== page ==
Richard Manual wrote three of the album’s twelve songs: “In a Station,” “We Can Talk,” and “Lonesome Suzie.” He co-wrote “Tears of Rage” with Bob Dylan.

               Life in music’s fast lane offers many diversions and addictions to heroin, cocaine, and alcohol hurt Manuel. His songwriting and general contributions to the band diminished.

               Thanksgiving Day 1976 brought the Band’s figurative and literal Last Waltz. The five would never take the stage again.

Richard George Manuel

Time out

               The break-up provided Manuel with a respite which he used to recover from his addictions. During the early 80s he again performed, sometimes with a reorganized Band, sometimes as part of an acoustic duo with Rick Danko.

               Unfortunately, but the mid-80s, his addictions controlled him again and on March 4, 1986 he wife found him dead. He had hung himself.

               In 1994, Manuel was posthumously inducted into the Rock and Roll Hall of Fame as a member of the Band.

               Three songs were later written in his memory:

  • The Band, “Too Soon Gone” (1993)
  • Ronnie Hawkins, “Days Gone By” (1995)
  • Robbie Robertson, “Fallen Angel” (1987)

…of the three, Robbie Robertson’s is my favorite:

Are you out there?
Can you hear me?
Can you see me in the dark?I don’t believe it’s all for nothing
It’s not just written in the sandSometimes I thought you felt too much
And you crossed into the shadow landAnd the river was overflowing
And the sky was fiery red
You gotta play the hand that’s dealt ya
That’s what the old man always saidFallen angel
Casts a shadow up against the sun
If my eyes could see
The spirit of the chosen oneIn my dream the pipes were playing
In my dream I lost a friend
Come down Gabriel and blow your horn
‘Cause some day we will meet again
All the tears, all the rage
All the blues in the night
If my eyes could see
You kneeling in the silver lightFallin’, fallin’, fallin’ down
Fallin’, fallin’ down
Fallin’, fallin’, fallin’ downFallen angel
Casts a shadow up against the sun
If my eyes could see
The spirit of the chosen oneAll the tears, all the rage
All the blues in the night
If my eyes could see
You kneeling in the silver light 

If you’re out there can you touch me?
Can you see me? I don’t know
If you’re out there can you reach me?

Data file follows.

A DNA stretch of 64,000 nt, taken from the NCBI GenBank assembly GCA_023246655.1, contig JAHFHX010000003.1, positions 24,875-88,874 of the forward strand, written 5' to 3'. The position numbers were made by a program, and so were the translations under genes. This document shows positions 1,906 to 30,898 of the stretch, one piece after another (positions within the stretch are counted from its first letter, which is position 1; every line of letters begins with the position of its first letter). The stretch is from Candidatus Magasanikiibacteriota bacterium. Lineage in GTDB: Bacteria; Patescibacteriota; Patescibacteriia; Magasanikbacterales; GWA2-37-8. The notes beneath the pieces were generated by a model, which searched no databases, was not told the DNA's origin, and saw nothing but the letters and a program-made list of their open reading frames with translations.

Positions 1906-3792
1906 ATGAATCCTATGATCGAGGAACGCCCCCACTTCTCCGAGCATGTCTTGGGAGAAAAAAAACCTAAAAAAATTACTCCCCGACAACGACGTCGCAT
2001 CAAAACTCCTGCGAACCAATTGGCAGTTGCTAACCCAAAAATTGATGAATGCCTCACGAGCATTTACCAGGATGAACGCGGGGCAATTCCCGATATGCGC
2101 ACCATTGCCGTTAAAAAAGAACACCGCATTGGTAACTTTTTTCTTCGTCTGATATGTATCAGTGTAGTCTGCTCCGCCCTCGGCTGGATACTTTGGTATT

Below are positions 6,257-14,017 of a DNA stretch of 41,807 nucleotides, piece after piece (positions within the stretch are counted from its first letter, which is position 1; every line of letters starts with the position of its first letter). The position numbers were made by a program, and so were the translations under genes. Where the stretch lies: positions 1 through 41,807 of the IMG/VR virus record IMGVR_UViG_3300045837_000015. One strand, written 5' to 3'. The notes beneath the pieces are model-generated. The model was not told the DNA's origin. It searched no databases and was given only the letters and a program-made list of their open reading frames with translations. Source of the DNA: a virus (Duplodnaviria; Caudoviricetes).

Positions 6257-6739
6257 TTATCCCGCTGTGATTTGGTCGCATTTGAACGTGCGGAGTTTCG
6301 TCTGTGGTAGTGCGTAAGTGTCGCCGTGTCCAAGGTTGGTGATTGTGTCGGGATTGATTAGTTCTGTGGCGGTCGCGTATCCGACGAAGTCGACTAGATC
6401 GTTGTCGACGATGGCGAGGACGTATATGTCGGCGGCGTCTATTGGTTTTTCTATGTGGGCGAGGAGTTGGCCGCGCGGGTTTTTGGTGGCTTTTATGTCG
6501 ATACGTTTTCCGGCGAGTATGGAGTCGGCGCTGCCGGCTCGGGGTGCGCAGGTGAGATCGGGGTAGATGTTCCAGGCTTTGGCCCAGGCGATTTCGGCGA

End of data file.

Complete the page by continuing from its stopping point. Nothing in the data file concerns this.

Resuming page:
Lay a flower in the snow

Richard George Manuel
Richard Manuel’s grave at the Avondale cemetary in Stratford, Ontario.
The grave is located in section 23A, grave 193. Section 23A is near the very back of the cemetary (as far west as you can go). There is a pathway right through the section. Richard’s stone is just to the right (west) of the path.

Richard George Manuel
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Many Georgias On My Mind

Many Georgias On My Mind

Ray Charles’s may be the most famous…

but a few others first…

…and then a few others later!


It was on this date, November 14, in 1960 that Georgia On My Mind by  Ray Charles was #1 Billboard Hot 100, but the song was already 30 years on when Charles had his hit.
Stuart Gorrell (lyrics) and Hoagy Carmichael (music) wrote the song. 
According to the "National Anthems of the World" site: Hoagy Carmichael went to Indiana University and one of his best college chums was Stuart Gorrell. Hoagy Carmichael was going to be a lawyer and Stuart Gorrell,...had promised someone that he would eventually be a success in the world of business. 
The two of them were together at a party in New York and Hoagy Carmichael played what he had of the "Georgia" music line for Stuart Gorrell... After the party broke up, the two of them went back to a friend's apartment and worked on the tune throughout the night. Stuart Gorrell wrote what he thought would be a good lyric line on the back of a post card...and showed it to Hoagy Carmichael. 
Hoagy Carmichael went on to write many more songs...and Stuart Gorrell kept his promise and became a Vice President at Chase Bank. Stuart Gorrell never tried to write another song lyric. (click for full article >>> Story of "Georgia On My Mind")
Carmichael's version was recorded in 1930:
Many Georgias On My Mind

Frank Trumbauer

...but it was a friend of Carmichael's, Frank Trumbauer, whose version became the song's first hit the following year.

Mildred Bailey

Mildred Bailey also recorded the song in 1931,

Gene Krupa & Anita O’Day

...the drummer Gene Krupa and his orchestra reached No 17 in 1941 with Anita O’Day on vocals
Georgia on My Mind
Gene Krupa & Anita O’Day

Ray Charles

According to the "Life of a Song" site, in 1960 "Rising star Ray Charles had left Atlantic Records in order to gain greater artistic control, higher royalties and mainstream acceptance at a time when albums were starting to outsell singles. His first LP for his new label ABC-Paramount was The Genius Hits the Road, a 12-track concept album themed on places in the US; “Georgia on My Mind”, the standout track, was sandwiched between “Alabamy Bound” and “Basin Street Blues”. Released as a single, it reached No 1 in November 1960 and won a Grammy Award. (click for the full account >>> The full story!)
Here is a live version. To say Charles does a soulful version would be redundant:

The Band

The song continued it's cat-like life and in 1976 The Band's cover was part of Jimmy Carter's successful presidential run. I love this live version from "The Last Waltz." Love you, Richard Manuel.
and finally...

Ludacris, Field Mob, & Jamie Foxx

Also from the "Life of a Song" site: In 2005 the Albany rap group Field Mob’s “Georgia”, with Atlanta-raised Ludacris and Jamie Foxx (who played Ray Charles in the 2004 biopic), bookended a rap on the gritty reality of the state’s underbelly with the rose-tinted yearnings of Carmichael and Gorrell’s song. The idea worked, not least because “Georgia on My Mind” is a brilliant work of imaginative fiction that captures the yearnings of the homesick soul. That fact and fantasy are so out of step only adds to the pathos."

Many Georgias On My Mind, Many Georgias On My Mind, Many Georgias On My Mind, Many Georgias On My Mind,